Do you consider any species of bird to be “bad”? If you have a bird feeder in your yard and a cooper’s hawk swoops in and takes another bird for dinner, admit it–don’t you just hate the cooper’s?
It is not surprising that PETA, which was formed to promote respect for all animals, frequently has to challenge groups or government agencies that want to kill certain birds because of perceived problems–for instance, this residential community’s plans to kill acorn woodpeckers.
We also have our work cut out for us convincing individuals that all birds are deserving of equal respect. There is a long history of activists’ making historic changes to save some birds and ignoring or even promoting the suffering and deaths of others.
The passionate 19th-century women who organized a decades-long educational and political battle to end the killing of egrets and other birds for women’s hats saw no need to organize for birds of prey. As Scott Weidensaul notes in Of a Feather, “good bird/bad bird judgments were ubiquitous in the first half of the twentieth century, from backyard birders to the most prominent scientist….”
Egrets and bluebirds were seen as innocent “good birds,” but birds of prey and birds such as the blue jay, who eat other birds’ eggs, were “bad.” The Audubon Society condemned the millinery trade, but its duck-hunting founders ensured that the organization vigorously opposed “bag limits” (as in “body bag”) or the prohibition of the use of live bird decoys. The Audubon Society reformed somewhat in the 1930s after public outrage at revelations that it made money by selling fur from muskrats killed on its “sanctuaries” and otherwise failed to protect wildlife.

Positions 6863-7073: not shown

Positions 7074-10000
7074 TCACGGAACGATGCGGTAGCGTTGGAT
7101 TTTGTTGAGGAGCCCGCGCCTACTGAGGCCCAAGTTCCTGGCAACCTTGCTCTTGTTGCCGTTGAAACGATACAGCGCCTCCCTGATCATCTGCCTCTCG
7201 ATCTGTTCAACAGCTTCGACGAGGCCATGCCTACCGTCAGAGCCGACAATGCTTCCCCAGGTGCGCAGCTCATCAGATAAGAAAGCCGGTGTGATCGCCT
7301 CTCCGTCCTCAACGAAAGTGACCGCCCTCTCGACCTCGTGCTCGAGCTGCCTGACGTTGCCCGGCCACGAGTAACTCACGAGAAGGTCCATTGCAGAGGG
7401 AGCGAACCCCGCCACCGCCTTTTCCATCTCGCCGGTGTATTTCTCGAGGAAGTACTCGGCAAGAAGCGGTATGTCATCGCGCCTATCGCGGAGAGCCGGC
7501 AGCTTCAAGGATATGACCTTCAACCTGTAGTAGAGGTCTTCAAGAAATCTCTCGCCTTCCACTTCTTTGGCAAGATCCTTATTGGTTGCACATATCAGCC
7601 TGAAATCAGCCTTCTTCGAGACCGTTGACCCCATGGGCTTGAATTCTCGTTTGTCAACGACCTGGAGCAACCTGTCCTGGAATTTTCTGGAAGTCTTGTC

Rosalie Edge was an early-20th-century suffragette and birder whose activism changed societal attitudes and policies toward birds. She helped lead the fight to end the Audubon’s support for killing birds for so-called “sport,” and unlike so many of her time (and, unfortunately, ours), she saw birds for who they are. She was appalled to learn of annual massacres of hawks and eagles along their flyways (superhighways in the skies that birds use during migration; for raptors, these are frequently along mountain ridges). She used her own funds to purchase land on a Pennsylvania mountain in 1932, where one can now stand and watch raptors fly by at eye level (sometimes hundreds, even thousands, in a day). Rosalie also organized to ensure that public funds were directed toward buying national park lands comprised of key wildlife habitats (not just pretty sites that didn’t interfere with logging and mining) where hunting would be prohibited.
The recognition of birds as fascinating beings who have developed varied survival mechanisms over thousands of years has advanced since those early struggles. But attitudes at the individual and societal level still reflect a bias toward “good” and “bad” birds. I catch myself being annoyed at European starlings (a European species that quickly spread through human-altered habitat in North America after a fool in New York released them in 1890 because he wanted to have present any birds mentioned by Shakespeare–I’m not making this up) who empty my peanut feeder, which I keep stocked for nuthatches and woodpeckers. And, unlike PETA, many bird conservation organizations remain silent when state and federal agencies kill cormorants (“bad”) to protect great blue herons (“good”) or when they poison starlings or shoot laughing gulls. And I haven’t even mentioned serving chicken, turkey, or duck at a birding meeting!
Isn’t it long past time to recognize that birds (and other animals) are individuals who deserve respect, despite the differences they have with us?